However, those had nice, open centers that had made the flowers a favorite with bees, which meant she would be able to find a good home for the tubers without too much trouble. Lots of people want to help bees!
She tucked the tubers from those yellow-flowered plants into paper bags with peat moss, then put those in the car to deal with later. A month went by before she was able to pass them along. By the time the tubers made it to the office, some of them had developed problems. Luckily, a local dahlia expert -- my friend Maddie -- was in the office at exactly the right time. Of course, she was supposed to be working on her Senior DPA portfolio for 4-H!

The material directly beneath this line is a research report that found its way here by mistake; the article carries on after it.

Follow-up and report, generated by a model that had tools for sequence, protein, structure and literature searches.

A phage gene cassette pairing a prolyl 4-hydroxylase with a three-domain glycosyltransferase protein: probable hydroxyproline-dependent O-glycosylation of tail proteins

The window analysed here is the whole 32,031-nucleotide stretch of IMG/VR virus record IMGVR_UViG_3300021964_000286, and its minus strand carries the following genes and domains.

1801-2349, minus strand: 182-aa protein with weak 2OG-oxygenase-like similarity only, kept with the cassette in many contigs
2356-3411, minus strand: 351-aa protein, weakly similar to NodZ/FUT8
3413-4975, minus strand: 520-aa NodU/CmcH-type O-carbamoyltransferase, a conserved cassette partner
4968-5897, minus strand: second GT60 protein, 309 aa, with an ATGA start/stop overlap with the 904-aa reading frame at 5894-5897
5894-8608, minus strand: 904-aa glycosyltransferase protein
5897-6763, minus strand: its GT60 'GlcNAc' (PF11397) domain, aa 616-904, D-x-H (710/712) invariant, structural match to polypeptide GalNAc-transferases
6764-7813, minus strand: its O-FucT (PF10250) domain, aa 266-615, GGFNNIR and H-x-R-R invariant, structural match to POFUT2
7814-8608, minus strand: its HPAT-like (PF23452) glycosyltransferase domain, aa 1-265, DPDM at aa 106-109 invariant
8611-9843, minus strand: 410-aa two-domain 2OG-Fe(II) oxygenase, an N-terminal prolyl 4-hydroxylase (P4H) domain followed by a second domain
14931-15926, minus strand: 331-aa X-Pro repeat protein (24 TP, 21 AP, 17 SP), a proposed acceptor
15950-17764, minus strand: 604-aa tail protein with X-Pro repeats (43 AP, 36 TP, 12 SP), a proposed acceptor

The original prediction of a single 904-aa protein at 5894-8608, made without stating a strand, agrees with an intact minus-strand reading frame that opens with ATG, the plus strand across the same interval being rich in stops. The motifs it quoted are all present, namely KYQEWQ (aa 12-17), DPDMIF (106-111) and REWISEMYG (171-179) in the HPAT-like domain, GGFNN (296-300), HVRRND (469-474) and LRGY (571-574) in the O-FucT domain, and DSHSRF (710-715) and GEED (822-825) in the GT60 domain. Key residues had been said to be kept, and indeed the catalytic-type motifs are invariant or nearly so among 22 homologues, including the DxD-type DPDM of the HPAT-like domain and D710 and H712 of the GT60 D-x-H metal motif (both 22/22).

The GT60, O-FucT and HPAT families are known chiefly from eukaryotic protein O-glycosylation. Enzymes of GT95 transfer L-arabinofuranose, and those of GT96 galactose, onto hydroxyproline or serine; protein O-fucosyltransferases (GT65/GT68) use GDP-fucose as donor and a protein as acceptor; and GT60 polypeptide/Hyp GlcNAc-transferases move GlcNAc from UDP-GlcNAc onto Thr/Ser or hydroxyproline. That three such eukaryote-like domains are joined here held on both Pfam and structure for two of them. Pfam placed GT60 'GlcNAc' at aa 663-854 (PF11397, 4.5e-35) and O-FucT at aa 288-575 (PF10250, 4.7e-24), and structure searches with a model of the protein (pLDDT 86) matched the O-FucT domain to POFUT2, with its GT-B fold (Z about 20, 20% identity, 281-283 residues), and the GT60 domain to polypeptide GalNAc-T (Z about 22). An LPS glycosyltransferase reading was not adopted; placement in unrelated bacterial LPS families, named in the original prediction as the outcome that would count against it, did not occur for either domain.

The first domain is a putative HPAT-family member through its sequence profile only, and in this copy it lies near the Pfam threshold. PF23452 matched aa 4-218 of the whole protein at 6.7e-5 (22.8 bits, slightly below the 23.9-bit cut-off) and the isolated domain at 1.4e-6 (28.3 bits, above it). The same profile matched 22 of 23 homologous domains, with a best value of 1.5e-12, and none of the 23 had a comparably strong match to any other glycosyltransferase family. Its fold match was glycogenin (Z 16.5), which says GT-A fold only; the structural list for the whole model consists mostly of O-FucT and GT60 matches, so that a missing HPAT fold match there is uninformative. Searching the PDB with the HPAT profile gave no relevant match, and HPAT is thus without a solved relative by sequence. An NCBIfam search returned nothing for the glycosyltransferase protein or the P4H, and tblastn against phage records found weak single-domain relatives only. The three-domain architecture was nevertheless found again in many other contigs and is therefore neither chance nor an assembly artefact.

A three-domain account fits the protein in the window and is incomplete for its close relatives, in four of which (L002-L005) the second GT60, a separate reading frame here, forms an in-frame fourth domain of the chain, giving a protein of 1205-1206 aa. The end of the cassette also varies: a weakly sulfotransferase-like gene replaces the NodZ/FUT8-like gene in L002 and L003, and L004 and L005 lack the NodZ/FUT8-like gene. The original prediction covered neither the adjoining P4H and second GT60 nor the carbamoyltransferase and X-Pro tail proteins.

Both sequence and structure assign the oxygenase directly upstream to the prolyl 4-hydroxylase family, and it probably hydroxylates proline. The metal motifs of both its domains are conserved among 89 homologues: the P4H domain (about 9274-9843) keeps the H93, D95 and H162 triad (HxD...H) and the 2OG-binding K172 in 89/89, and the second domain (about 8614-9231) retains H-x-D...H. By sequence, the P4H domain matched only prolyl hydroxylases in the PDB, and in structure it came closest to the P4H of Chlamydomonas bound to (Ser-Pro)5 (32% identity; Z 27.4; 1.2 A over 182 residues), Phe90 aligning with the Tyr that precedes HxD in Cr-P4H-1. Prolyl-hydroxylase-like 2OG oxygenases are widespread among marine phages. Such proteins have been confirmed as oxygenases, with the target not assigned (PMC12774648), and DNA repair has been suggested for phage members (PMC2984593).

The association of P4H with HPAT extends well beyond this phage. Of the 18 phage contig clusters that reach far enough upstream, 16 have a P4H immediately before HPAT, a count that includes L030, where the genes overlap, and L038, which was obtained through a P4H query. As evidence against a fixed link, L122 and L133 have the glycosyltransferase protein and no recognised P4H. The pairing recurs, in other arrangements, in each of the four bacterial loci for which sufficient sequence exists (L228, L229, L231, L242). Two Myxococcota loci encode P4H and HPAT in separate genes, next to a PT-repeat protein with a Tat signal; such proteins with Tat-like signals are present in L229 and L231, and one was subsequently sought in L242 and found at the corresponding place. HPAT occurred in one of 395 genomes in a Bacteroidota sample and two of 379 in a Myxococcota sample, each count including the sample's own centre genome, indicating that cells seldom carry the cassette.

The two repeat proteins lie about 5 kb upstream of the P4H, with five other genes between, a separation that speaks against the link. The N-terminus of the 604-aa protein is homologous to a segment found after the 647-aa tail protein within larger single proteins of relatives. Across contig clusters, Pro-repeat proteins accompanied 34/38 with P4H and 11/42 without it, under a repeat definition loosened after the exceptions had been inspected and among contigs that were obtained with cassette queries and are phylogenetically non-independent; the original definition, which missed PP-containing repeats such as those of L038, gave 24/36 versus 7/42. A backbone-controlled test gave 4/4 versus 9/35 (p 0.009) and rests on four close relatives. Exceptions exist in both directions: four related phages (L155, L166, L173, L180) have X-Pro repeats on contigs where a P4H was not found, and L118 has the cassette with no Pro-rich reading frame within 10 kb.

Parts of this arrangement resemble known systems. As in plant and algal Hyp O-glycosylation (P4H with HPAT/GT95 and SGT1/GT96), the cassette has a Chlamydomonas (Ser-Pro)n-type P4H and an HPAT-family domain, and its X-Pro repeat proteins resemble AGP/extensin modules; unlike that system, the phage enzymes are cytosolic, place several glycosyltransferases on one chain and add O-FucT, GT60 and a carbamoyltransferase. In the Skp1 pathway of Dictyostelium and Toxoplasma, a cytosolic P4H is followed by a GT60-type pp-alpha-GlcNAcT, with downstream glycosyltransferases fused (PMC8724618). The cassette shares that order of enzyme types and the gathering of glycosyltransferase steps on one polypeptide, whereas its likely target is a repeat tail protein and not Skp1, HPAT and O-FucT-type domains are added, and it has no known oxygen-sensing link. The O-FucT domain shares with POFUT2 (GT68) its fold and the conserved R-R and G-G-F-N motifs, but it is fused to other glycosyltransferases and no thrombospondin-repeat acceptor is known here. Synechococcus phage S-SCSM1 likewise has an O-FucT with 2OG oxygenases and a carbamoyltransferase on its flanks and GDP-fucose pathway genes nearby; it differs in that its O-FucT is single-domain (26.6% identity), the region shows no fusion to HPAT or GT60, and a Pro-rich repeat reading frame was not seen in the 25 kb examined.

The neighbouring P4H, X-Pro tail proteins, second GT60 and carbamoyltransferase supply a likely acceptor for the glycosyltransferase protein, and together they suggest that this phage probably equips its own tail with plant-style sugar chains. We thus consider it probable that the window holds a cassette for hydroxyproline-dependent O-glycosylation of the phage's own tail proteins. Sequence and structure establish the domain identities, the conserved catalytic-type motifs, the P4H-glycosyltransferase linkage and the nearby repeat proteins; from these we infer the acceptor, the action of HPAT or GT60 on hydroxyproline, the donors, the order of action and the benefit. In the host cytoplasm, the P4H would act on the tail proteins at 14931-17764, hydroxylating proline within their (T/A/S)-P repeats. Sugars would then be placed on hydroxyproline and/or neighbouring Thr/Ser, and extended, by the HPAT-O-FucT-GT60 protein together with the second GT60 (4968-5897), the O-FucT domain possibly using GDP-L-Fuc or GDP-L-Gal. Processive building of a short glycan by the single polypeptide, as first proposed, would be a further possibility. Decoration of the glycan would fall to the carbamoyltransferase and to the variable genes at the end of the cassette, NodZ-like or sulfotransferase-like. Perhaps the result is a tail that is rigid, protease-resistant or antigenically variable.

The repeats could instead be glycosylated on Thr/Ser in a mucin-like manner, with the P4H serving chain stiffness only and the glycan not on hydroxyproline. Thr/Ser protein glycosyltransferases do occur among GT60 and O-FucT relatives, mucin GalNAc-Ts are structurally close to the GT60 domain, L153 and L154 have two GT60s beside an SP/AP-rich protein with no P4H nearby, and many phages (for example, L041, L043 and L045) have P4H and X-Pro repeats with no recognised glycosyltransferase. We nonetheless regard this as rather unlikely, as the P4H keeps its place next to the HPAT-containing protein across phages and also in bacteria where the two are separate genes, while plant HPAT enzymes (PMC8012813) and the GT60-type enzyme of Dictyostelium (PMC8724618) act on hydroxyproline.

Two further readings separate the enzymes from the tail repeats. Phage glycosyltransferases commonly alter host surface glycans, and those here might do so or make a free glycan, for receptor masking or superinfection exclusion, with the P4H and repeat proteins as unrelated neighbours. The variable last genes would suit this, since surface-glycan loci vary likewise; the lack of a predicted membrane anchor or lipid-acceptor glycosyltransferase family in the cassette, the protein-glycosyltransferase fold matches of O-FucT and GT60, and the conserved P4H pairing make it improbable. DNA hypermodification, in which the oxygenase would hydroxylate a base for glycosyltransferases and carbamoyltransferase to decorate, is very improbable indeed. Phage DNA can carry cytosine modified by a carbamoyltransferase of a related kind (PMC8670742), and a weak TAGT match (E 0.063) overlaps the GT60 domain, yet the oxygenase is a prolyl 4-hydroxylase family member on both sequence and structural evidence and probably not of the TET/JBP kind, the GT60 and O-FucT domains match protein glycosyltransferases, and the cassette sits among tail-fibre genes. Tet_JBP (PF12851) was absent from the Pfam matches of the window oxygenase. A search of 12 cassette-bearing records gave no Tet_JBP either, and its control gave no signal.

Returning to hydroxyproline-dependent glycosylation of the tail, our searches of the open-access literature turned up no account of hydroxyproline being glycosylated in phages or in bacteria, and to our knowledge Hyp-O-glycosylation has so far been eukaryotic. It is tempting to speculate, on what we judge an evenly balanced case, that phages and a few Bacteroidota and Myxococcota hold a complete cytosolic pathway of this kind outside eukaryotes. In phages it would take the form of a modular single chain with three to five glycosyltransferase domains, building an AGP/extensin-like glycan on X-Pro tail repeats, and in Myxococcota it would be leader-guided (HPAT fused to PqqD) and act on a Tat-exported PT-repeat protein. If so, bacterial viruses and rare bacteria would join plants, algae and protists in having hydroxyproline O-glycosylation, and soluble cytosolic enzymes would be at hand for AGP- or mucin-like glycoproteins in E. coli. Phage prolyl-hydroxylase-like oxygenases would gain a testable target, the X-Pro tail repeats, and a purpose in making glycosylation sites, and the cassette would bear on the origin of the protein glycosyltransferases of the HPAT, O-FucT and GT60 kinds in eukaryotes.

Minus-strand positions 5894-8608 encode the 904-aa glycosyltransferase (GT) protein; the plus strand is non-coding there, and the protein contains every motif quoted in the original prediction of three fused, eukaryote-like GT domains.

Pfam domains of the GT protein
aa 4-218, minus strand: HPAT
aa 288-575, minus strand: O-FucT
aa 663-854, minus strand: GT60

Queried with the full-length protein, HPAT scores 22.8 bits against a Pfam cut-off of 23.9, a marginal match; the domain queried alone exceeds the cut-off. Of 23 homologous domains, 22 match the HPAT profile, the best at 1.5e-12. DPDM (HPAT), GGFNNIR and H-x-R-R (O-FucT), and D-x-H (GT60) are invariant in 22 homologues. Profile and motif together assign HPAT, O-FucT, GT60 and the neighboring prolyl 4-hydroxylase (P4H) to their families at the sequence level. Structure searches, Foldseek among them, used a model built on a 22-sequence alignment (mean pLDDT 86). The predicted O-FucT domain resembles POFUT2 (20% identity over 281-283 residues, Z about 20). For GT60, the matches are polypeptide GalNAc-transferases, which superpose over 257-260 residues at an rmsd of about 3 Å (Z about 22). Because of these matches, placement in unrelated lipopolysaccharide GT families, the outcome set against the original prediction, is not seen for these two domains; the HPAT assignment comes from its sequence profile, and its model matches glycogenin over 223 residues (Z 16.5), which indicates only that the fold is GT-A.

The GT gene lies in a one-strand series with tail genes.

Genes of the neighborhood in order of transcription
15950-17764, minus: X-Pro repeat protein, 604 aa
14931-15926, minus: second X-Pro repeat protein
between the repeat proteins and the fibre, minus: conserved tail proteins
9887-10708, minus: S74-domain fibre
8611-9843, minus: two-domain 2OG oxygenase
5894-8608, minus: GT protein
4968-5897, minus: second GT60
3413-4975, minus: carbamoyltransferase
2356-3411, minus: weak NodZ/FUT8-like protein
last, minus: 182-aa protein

It didn't take long for Maddie to sort through the tubers, trim away excess bits, and toss the bad ones.
|Each bag held several plants'-worth of tubers, buried in the peat moss.|
|Some of the dahlia tubers were very obviously too far gone to keep.|
|She showed us the slimy innards of a tuber that had felt only a little bit soft from the outside.|
|This little dahlia tuber already has a nice big eye; it's a keeper!|